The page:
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Automobile Trades - Entrance to the Occupations

( Originally Published 1930 )

The Methods of Entrance.—The apprenticeship scheme which is in practice in some of the other trades and industries is not found to a great extent in this group of trades. A boy who wishes to become an auto-mobile mechanic can do so by following one of two methods. He may enter a general garage or a service station as a beginner, and he may learn the trade by observing the mechanics and by assisting them at their various jobs. He may also gain a basic knowledge of the technical and practical side of the work by attending the classes in automobile mechanics which are conducted at the part-time vocational school and the technical high school or trade school. Those boys who are thinking of becoming automobile painters or electricians or who are desiring to work in a body-building shop either as trimmers, blacksmiths, sheet-metal men, or glass installers also may secure some knowledge of the fundamentals of these lines of work at the same schools. Employers prefer to hire boys who have had some training and who have an understanding of the principles underlying the work of these trades. Boys of this type are desired because they do not require a great deal of supervision, and they can be taught much more easily and quickly to do the required work. It is advisable, therefore, to gain some knowledge about the trade operations and processes during the years of school attendance. The learning period, when wages are comparatively low, will thus be shortened.

The Required Education.—The educational requirements for entrance to these trades were not very high in the past, but the standard is being raised gradually. Practically all of the employers prefer those who are graduates of the eighth grade, while for some of the jobs high-school graduates are desired. It has been found that many service managers are graduates of high schools. The boys who wish to enter these occupations should be able to read, write, and spell well; and they should also have a knowledge of arithmetic. They must fulfill these requirements in order to be able to do their work well. The automobile mechanic will be able to do better work, and promotion will be more rapid if he gains a knowledge of elementary physics and the principles of gasoline-engine construction before he enters the trade. The electrician should have some information about the principles of electricity, and he should have a specialized training in automobile electrical work. He should be able to apply the knowledge gained in school if he wishes to secure any advancement in this field of work. The automobile painter need not have any special educational qualifications, while the prospective trimmer will find that a knowledge of mechanical drawing and sheet-metal work will be of value to him in learning the trade. The blacksmith should be thoroughly familiar with the properties of different kinds of steel, and he should also know how to heat it so as to get the best results. A course in metallurgy may be of benefit to him. The sheet-metal worker and the woodworker need not have any special education, but they should know the principles underlying the work of their trades. These principles can be learned at the schools which teach the work of the occupations.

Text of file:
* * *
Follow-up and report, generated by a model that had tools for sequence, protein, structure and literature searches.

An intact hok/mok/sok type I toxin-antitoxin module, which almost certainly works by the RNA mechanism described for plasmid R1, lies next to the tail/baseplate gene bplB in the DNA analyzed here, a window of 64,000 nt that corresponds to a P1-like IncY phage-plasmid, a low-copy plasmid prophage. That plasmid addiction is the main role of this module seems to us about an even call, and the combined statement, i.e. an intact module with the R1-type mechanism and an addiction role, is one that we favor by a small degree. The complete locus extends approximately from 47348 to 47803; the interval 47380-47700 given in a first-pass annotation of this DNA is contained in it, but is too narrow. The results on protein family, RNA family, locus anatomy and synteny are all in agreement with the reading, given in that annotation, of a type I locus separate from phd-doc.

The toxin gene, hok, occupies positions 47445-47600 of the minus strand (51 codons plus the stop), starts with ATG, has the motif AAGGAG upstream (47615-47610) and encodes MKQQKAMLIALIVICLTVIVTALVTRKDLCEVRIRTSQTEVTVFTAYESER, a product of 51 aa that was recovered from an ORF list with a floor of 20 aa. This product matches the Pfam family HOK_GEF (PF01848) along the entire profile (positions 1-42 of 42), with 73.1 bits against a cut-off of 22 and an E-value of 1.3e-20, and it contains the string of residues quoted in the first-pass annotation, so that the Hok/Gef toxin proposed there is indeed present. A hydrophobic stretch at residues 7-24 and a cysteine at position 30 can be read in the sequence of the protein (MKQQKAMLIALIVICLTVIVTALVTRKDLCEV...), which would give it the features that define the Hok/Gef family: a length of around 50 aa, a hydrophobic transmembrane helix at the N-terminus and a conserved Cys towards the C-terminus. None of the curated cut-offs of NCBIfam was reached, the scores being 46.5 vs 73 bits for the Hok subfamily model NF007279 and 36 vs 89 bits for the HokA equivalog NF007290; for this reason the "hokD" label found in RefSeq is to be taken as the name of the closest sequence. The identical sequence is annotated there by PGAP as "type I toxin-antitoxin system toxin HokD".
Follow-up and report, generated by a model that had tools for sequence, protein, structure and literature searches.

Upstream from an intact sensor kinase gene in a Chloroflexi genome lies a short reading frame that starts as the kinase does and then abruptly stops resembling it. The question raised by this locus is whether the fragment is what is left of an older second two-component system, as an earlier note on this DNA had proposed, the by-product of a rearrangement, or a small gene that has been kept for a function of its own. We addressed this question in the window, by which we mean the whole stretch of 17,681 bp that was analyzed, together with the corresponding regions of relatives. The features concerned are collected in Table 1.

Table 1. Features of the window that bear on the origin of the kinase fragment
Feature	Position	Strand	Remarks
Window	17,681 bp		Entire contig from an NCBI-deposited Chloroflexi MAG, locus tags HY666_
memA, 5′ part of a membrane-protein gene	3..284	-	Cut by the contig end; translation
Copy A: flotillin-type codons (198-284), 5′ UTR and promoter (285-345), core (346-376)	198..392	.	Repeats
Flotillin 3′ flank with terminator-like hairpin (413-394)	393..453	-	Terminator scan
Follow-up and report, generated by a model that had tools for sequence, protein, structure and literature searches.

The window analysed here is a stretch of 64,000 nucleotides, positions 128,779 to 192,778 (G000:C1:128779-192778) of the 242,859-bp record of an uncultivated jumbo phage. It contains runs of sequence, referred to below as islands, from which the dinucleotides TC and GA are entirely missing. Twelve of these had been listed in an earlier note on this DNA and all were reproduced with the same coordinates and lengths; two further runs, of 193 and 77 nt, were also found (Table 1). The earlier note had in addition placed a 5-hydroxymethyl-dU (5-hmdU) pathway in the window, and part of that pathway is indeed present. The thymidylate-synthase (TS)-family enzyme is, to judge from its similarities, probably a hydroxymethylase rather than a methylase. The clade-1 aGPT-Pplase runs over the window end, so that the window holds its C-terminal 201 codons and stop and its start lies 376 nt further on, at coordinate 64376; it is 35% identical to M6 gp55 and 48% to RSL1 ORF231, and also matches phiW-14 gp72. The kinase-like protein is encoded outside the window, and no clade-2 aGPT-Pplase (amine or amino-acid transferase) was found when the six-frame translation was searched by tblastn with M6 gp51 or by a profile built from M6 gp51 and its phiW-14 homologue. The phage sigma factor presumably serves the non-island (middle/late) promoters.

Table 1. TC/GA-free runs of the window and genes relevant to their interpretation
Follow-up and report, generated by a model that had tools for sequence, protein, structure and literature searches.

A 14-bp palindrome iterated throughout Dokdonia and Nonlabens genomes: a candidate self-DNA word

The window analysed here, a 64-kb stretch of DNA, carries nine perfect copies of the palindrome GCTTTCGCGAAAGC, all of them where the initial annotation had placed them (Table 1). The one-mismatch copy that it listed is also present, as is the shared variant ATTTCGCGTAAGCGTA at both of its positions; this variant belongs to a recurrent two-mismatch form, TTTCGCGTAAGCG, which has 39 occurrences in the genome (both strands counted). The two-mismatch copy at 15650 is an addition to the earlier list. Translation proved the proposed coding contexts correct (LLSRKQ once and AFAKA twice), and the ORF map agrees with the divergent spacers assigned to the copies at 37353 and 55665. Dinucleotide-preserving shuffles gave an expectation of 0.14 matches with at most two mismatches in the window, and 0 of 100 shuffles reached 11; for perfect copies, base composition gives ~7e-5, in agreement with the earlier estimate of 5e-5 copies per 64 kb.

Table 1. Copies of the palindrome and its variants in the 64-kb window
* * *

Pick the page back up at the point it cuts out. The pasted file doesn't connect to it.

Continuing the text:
The Age of Entrance.—Most employers prefer boys of eighteen or more even as beginners at the work. This is due to the fact that older boys are more steady and can be trusted with responsibilities. Customers also have more confidence in the older boys and prefer to have them work on their cars. Although some employers will hire boys of sixteen, they will not allow them to do any work which requires a great deal of care and application. Since older boys are given the preference when jobs are open, it is best to spend the time until one reaches eighteen at school, where many things can be learned which will be of value in later life.